Fascinating but flat: Amazon Prime’s Thirteen Lives reviewed

About ten minutes in to Thirteen Lives, Boy came in and asked me whether it was any good. I said: ‘Well, it’s quite interesting, actually. I think they’ve got the actual cave divers playing themselves, so the acting is really dull and uncharismatic and a bit unconvincing but at the same time it gives the drama a sort of echt documentary feel…’ Boy, peering at screen: ‘But that’s Viggo Mortensen. You know, Aragorn from Lord of the Rings. And Colin Farrell, who you liked in In Bruges.’ Me: ‘Oh.’ Does your main duty lie with the drama or with the truth? Director Ron Howard has opted for the latter What

A thrilling, pacy, well-acted drama: Amazon Prime’s The Terminal List reviewed

‘The Terminal List is… a dated and drably made eight-part military thriller that offers little intrigue or excitement,’ says the Guardian’s ‘east coast arts editor’ in a corrosive one-star review. Eh? Can we have been watching the same series? Let me give you an example of this ‘little intrigue or excitement’ and allow you to judge for yourself. Navy Seal Lt Commander James Reece (Chris Pratt) is having an MRI scan to determine whether he has suffered brain damage during a disastrous combat mission in Syria in which almost his entire platoon was wiped out. All his colleagues, superiors and family think he’s going mad because his memories of the

Lacks the bite and bracing malevolence of Call My Agent!: Amazon’s Ten Percent reviewed

In theory, it should be a perfect match. John Morton – the man behind the brilliantly assured sitcom W1A which so gleefully skewered the BBC – gets to give us the English version of Call My Agent!: the brilliantly assured French lockdown hit which so gleefully skewered the Parisian showbusiness world. In practice, at least judging from the first two episodes, Ten Percent feels surprisingly uncertain of what kind of programme it wants to be. At first, it looked as if we were in for a straight remake, using the same plots and characters and with the original cast replaced by British lookalikes (except, oddly, that the French agent who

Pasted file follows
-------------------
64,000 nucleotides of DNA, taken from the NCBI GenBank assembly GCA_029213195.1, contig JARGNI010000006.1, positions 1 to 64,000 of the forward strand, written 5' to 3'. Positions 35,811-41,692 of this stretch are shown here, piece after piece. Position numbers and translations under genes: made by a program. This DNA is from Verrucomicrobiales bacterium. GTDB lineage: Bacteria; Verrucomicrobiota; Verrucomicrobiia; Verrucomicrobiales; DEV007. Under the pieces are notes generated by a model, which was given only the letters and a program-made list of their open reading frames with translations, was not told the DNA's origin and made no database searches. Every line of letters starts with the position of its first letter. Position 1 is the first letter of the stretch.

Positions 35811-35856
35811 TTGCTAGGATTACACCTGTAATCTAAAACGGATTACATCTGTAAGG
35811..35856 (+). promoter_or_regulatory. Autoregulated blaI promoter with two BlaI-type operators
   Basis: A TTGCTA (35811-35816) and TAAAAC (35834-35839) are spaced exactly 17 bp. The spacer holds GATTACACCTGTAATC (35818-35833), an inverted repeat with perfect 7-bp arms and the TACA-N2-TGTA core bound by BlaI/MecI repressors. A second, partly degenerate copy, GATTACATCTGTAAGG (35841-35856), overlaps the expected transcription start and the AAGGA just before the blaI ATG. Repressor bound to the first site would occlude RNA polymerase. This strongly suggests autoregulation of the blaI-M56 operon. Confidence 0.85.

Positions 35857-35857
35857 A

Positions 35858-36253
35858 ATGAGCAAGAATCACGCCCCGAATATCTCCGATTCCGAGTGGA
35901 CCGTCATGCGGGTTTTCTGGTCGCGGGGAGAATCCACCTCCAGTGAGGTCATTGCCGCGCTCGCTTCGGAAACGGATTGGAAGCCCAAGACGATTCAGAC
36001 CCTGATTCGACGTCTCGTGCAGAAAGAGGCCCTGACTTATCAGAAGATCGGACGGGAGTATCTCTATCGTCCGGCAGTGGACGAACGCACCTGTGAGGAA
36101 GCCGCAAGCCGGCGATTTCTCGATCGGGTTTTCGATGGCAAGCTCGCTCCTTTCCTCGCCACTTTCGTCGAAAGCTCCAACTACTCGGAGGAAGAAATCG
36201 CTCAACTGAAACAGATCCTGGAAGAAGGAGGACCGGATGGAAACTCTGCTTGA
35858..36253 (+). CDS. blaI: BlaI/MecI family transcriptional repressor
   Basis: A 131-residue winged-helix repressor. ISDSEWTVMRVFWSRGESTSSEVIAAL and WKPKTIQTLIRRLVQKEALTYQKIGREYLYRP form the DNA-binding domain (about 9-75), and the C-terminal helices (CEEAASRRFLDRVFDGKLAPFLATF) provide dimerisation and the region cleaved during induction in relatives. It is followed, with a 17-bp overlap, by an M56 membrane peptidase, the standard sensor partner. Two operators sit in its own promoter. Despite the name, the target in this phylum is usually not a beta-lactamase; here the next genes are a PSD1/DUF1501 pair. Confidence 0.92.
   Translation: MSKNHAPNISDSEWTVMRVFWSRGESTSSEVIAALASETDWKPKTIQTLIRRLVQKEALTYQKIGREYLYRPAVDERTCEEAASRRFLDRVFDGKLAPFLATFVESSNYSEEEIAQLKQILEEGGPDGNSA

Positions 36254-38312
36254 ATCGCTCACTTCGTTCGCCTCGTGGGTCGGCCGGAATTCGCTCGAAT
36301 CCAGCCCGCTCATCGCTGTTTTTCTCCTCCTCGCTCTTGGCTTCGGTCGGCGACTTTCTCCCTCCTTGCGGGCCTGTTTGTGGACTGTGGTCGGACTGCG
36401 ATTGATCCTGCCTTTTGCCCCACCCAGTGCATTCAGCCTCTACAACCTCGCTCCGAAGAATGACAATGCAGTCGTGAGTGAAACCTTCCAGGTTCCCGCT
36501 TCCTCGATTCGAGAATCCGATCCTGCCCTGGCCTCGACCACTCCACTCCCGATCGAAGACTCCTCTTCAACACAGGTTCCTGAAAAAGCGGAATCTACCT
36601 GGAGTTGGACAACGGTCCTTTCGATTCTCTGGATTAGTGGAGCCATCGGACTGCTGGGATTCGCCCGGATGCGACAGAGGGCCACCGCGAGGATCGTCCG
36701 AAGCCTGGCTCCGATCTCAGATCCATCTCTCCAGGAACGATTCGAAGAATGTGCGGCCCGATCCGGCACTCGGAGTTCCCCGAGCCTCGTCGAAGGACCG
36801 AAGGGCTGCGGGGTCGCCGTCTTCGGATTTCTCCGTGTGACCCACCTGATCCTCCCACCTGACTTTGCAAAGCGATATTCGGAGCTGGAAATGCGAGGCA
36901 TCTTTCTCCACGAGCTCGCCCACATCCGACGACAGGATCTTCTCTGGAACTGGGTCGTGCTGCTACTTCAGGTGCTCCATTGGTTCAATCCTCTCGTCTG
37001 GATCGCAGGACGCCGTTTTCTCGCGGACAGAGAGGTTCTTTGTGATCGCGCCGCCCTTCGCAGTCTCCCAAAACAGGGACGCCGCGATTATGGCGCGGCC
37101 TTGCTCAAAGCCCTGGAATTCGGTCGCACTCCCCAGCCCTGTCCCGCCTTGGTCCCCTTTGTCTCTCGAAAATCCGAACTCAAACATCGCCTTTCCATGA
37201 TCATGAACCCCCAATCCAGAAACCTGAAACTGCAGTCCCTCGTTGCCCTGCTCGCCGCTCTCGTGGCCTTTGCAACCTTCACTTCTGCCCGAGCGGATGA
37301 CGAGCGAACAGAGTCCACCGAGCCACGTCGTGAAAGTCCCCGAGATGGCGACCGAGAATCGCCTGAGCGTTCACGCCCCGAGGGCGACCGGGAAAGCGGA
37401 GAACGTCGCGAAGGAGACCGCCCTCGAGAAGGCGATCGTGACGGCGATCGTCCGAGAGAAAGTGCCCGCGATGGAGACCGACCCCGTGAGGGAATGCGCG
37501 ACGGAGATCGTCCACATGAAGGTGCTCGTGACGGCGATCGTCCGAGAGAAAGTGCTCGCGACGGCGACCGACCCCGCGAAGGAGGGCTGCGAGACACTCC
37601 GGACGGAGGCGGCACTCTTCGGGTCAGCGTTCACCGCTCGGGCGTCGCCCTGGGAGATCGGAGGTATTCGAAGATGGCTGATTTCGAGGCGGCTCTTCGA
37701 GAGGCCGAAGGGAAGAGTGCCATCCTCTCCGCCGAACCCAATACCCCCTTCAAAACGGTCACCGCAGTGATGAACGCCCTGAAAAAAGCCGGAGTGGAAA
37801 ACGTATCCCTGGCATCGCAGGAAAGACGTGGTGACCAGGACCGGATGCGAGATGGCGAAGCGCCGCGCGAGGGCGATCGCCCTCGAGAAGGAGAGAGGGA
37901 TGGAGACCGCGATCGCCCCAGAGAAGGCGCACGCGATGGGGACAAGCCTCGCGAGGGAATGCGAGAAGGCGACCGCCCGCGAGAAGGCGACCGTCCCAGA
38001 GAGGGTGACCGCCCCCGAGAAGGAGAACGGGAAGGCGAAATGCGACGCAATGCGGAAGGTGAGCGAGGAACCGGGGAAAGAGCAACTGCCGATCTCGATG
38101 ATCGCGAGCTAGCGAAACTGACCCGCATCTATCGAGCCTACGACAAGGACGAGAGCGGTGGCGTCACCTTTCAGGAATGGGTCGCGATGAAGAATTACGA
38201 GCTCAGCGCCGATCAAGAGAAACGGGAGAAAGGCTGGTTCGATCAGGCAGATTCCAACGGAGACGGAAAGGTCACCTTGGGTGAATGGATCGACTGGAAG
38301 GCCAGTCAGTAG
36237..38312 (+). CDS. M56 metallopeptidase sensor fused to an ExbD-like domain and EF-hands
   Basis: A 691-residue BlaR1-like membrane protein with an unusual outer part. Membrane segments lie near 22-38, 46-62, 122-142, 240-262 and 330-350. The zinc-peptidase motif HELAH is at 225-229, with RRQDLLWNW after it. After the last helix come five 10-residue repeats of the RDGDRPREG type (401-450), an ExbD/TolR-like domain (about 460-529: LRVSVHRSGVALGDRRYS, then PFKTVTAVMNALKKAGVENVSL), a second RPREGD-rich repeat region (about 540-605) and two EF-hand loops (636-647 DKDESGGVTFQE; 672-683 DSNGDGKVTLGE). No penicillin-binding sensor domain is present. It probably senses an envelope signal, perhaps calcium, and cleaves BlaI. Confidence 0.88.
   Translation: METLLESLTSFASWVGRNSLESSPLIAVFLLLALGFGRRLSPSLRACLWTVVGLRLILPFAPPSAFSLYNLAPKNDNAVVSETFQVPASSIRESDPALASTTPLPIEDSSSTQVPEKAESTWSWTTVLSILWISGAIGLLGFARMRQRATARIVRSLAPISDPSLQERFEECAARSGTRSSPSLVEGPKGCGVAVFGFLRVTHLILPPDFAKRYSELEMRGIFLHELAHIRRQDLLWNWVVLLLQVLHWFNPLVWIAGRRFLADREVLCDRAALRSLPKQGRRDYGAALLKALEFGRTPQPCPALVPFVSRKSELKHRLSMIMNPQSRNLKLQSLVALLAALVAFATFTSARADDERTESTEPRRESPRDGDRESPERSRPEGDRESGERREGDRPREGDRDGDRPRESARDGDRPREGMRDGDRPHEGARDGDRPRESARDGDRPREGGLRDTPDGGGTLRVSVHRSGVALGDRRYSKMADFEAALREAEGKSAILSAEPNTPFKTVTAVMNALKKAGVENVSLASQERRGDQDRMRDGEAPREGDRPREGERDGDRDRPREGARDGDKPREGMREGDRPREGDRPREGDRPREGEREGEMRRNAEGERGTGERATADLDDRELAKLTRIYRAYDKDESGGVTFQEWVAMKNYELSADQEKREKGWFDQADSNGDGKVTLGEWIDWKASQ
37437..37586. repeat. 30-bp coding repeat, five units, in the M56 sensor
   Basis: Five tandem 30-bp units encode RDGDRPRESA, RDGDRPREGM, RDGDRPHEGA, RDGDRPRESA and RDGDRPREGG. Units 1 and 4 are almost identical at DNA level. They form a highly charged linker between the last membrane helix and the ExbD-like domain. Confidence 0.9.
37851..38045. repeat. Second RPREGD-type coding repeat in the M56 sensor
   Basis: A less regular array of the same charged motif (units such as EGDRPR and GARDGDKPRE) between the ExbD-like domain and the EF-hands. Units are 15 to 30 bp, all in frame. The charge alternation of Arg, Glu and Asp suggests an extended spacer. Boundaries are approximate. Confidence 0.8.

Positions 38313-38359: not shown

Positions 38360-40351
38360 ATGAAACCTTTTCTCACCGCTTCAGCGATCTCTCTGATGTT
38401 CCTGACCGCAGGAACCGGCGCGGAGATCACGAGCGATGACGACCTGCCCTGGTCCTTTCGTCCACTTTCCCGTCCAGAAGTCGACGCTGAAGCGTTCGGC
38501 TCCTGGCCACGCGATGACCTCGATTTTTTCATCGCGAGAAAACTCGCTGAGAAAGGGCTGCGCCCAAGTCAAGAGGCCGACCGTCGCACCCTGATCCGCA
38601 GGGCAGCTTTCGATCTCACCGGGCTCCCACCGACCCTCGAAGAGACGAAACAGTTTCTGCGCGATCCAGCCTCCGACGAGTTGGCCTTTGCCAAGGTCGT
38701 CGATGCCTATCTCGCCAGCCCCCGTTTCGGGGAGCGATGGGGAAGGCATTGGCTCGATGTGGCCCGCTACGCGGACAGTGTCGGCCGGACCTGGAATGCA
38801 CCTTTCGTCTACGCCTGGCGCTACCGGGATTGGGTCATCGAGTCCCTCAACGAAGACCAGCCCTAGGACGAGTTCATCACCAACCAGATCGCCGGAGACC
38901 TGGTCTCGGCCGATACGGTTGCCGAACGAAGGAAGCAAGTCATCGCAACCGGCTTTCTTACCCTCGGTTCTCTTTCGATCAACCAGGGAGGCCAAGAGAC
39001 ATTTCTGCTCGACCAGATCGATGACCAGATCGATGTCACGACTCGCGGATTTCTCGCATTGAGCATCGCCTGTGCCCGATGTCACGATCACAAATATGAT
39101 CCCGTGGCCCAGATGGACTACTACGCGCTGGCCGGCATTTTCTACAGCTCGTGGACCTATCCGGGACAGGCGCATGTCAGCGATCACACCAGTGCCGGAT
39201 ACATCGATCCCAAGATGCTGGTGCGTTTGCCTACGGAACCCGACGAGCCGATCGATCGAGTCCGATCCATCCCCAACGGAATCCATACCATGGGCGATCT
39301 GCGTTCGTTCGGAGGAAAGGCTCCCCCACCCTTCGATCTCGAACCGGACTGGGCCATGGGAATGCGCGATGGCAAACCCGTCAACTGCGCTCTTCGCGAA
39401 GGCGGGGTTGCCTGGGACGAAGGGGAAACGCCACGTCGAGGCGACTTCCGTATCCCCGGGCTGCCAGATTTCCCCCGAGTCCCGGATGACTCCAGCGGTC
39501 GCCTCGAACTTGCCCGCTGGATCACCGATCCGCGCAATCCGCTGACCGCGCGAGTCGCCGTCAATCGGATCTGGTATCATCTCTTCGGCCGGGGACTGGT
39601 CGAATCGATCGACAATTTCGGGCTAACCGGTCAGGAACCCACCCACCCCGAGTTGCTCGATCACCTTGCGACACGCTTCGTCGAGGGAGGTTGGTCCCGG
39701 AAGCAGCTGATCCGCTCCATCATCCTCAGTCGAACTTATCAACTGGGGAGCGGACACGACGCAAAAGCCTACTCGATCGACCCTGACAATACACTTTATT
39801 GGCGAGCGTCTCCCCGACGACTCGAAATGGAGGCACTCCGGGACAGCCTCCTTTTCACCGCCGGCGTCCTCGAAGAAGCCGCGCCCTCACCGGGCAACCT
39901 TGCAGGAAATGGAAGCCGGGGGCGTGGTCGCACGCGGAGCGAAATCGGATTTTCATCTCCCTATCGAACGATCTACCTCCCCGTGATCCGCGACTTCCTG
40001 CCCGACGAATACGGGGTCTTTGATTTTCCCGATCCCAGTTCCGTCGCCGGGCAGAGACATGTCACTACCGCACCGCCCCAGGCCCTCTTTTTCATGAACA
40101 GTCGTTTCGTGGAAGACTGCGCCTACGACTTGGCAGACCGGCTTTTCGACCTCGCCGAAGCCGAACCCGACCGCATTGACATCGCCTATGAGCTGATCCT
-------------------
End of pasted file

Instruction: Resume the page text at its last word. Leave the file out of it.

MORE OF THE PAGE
Amusing and entertaining – though not very taxing: Amazon Prime’s Reacher reviewed

Jack Reacher is back on the screen and aficionados of the hugely successful Lee Child airport thrillers in which he appears must be hugely relieved. This time he is played not by pint-sized Tom Cruise but by someone much closer to his 6ft 5ins height: a musclebound giant called Alan Ritchson. Not having read any of Child’s 100 million-selling oeuvre (probably because I’m bitterly envious: he’s a Midlands-born ex-media type, like me, but has a slightly larger bank balance), I can’t tell you how true to the original Ritchson is. But he plays him as if he’s on the autistic spectrum — a loner uncomfortable with too much dialogue or

Even worse than the book: Amazon Prime’s The Wheel of Time reviewed

A couple of years ago, in that near-forgotten era when we could travel almost freely, I canvassed social media as to what should be my relaxing but involving holiday read during a fortnight in Greece. One suggestion — and this is why you should never trust the literary advice of random strangers — was Robert Jordan’s The Wheel of Time series. I started the first book full of bright hope. It would be my new Tolkien-meets-Game of Thrones. Besides the strong personal recommendation and the slew of five-star reviews on Amazon, what persuaded me was the fact that the late author had served two heavily decorated tours of duty as

Delivers in spades: The Many Saints of Newark reviewed

So how exactly did Tony Soprano become a New Jersey mob boss? It’s 1967 and young Anthony is struggling to find meaning and purpose in his life. Luckily, his doting uncle Dickie Moltisanti (Alessandro Nivola) offers the love and support his feckless parents are incapable of giving. Unluckily, Moltisanti is not quite the role model he’d like to be. Dickie complains about this on a visit to his uncle, Aldo ‘Hollywood Dick’ Moltisanti (Ray Liotta), who is languishing in jail for having killed a made man. Why is it, he wants to know, that even though he does conspicuously good works — bringing Aldo jazz records; coaching a baseball team

First-rate TV: Clarkson’s Farm on Amazon Prime reviewed

I was at a party the other day when who should accost me but Jeremy Clarkson. There were lots more famous and interesting people in the room, including the surviving half of Wham!. But Clarkson was itching to talk to me about, of all things, a review I’d written of a BBC reality series called This Is My House. He was genuinely mystified as to why I’d given such tosh a favourable critique. Having just watched his new series, Clarkson’s Farm, I now understand his puzzlement. Since late 2019, Clarkson has been playing at being a farmer on his 1,000-acre Oxfordshire estate. And when you’re a farmer — even a